Developed By: Rigg'd Games, Mega Cat Studios
Published By: Nami Tendou
Categories: Retro, Platformer
Release Date: 02.02.22

If I haven’t made it obvious before, I am fascinated by the world of lost media. The mystic of something out of reach, but known. There’s a few cases of this. Like un-released games like Clockwork Aquario, which sat unfinished for decades. Or like this game’s predecessor, non-existent.

Lets get into the story proper of Yeah Yeah Beebiss I. Found in catalogs to order games back in the day, this mysterious title seemed to really intrigue many a reader, including youtubers in the recent times. Was it some weird translation of a random Japanese game? Was it just something to catch other magazines from stealing lists and info? Probably. It never existed, it’s an endless rabbit hole. This doesn’t mean that it wasn’t interesting and the efforts surrounding finding this “game” as well as other lost media (real or fake) is always great to see. So what is this Yeah Yeah Beebiss II? Well, a sequel to this enigma, headed by youtuber John Riggs and with development by Mega Cat Studios among others.

You better like old school arcade games, because this game really has that feel. A single screen action, platformer game. Your goal, defeat all of the Evil within a time limit. Two characters,  Kyonshi Hui using lighting powers and Jiangshi Bo, who drains their life force. Both practically play the same, you’ll need to get up close and personal to destroy evil. Avoid taking too many hits, avoid those nasty spikes, and you’ll soon make it through all 100 stages. Then it loops.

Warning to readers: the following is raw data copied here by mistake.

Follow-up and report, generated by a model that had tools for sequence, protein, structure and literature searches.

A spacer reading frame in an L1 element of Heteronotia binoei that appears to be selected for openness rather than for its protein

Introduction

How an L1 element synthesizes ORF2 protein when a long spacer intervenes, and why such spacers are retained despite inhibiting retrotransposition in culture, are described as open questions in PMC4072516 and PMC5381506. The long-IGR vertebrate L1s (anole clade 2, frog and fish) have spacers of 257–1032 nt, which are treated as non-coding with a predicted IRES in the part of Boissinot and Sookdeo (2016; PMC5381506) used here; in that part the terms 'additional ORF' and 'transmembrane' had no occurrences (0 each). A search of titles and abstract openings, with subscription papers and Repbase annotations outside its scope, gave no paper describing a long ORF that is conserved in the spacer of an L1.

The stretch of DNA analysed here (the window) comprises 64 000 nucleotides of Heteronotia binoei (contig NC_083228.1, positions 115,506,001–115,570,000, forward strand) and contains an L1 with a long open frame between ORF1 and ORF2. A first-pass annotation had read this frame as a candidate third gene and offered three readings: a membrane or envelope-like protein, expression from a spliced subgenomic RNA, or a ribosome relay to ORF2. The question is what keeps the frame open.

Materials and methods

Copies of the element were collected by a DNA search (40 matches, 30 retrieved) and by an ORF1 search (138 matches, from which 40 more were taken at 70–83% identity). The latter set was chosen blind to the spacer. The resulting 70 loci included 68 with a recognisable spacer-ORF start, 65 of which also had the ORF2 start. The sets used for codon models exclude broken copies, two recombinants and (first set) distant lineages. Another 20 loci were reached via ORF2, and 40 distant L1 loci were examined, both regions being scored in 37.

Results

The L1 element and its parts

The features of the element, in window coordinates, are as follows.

There is honestly not much to Yeah Yeah Beebiss II on a gameplay front. It’s very basic. Good, but basic. If you love those very old school single screen arcade games, you’ll love this. I’m not personally a fan. There is an added component of co-op, which can make the long trek much better however.

Where my real enjoyment from this release comes in, is with it’s non-game presentation. Included in this package is a full manual, even giving a bit of background into this game and who was involved. There’s also the cover art. This *does* have a physical release on Dreamcast if those two interest you. But the fact that this digital release includes them is much appreciated.

The sprites, done by Mega Cat Studios are nice, I very much liked their spritework in a game I previously reviewed Bite the Bullet too, and thankfully it’s far less gross here. The music is comprised of some 8bit renditions of classical music, which while not really to my liking, does make it seem again, like an older arcade game.

If you love those old school arcade games, or NES homebrews, give this game a shot. To me, I found it to be “just good enough”, but I get the feeling that was the goal. It wasn’t trying to be some grand game. Just a small passion project. And in that case, it did it’s job well.

3/5

Buy Now: $9.99

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*Game Download Code graciously provided for the purpose of review